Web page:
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This blog has frequently looked at the phenomenon of the accelerating increase in those with no religious affiliation, also known as “nones” (as in “none of the above”). The Pew Research Center indicates that in the 1950s, these "none" represented about 2 percent of the population. By the 1970s, their numbers had increased to about 7 percent. Today, "nones" represent close to 20 percent of the population. The causation for this phenomenon is under debate. In a column, Michael Gerson, hardly a liberal, notes this:
One theory: The accelerated growth of the nones coincided with the rise of the religious right in the 1990s, leading some scholars to assert a connection. Though causality is hard to establish, many nones hold a very dim view of religious conservatives — asserting that churches are too focused on rules and money and too involved with politics. It is easy to imagine some of the unaffiliated looking at the movement led by Jerry Falwell and Pat Robertson and concluding: “If this is religion, I want no part in it.”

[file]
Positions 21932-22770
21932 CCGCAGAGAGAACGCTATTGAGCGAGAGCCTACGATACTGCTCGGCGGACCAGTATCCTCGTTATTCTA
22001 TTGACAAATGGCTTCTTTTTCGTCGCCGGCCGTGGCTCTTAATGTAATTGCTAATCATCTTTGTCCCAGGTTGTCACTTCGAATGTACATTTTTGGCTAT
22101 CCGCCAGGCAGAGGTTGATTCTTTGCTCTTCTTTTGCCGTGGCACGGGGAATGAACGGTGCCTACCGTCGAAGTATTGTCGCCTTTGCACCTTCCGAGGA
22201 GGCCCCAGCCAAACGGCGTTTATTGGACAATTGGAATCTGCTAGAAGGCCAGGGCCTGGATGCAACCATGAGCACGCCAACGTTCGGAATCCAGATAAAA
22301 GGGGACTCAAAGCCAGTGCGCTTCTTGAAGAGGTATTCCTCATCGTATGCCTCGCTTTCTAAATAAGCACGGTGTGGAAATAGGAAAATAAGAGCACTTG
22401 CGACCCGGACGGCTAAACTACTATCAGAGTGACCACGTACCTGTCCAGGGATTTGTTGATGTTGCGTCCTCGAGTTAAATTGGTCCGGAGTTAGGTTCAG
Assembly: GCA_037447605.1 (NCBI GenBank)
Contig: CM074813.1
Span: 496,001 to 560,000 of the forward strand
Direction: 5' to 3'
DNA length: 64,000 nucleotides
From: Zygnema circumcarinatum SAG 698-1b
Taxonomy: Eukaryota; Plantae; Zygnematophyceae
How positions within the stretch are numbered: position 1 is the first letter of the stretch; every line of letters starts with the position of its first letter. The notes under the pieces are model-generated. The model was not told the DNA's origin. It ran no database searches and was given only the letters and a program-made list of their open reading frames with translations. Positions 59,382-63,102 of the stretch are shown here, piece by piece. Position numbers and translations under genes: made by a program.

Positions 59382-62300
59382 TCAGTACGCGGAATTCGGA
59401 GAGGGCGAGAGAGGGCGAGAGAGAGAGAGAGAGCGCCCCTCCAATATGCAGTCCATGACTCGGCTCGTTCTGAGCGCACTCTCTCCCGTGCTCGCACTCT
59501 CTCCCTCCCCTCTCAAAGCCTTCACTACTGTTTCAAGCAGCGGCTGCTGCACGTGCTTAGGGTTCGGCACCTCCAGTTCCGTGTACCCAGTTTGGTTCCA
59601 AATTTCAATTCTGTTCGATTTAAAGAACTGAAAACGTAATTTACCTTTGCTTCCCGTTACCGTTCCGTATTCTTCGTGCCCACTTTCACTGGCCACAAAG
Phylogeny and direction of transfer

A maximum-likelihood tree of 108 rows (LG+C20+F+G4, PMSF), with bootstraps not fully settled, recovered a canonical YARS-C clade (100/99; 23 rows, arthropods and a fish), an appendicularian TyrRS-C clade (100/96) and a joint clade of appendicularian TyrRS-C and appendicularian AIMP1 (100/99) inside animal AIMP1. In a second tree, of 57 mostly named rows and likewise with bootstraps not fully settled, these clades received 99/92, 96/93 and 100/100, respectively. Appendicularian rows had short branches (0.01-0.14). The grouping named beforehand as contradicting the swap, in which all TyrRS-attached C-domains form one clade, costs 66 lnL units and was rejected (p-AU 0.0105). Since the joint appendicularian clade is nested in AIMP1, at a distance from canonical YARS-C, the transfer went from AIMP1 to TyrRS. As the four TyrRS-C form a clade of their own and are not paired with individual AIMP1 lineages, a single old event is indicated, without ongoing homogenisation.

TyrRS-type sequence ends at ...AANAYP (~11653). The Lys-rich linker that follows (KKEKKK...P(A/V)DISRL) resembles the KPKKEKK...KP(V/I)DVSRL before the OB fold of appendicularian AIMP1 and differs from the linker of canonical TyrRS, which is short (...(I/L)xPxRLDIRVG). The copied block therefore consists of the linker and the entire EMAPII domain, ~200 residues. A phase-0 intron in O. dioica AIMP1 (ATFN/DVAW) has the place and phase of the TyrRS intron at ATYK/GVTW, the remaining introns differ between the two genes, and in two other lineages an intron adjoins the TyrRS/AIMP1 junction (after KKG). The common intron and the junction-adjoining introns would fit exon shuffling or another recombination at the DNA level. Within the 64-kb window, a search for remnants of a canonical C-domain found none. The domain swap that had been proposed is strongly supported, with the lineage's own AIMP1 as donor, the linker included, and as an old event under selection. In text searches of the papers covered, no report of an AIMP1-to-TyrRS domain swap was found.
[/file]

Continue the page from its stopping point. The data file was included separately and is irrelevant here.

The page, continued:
I would add the Catholic Church hierarchy and supposed "family values" organizations like the American Family Association, Family Research Council and Rick Santorum style GOP politicians to the list of those giving religion a truly foul name and image. Gerson then tries to down play the role of conservatives in religion's decline, but I believe that the Christofascists are a prime cause. Among my own children and their friends, when they think of Christianity, the images they see are of those preaching hate, fear and bigotry. They, like other nones, want no part of it. Over all, I see the rapid increase in the nones to be a positive development.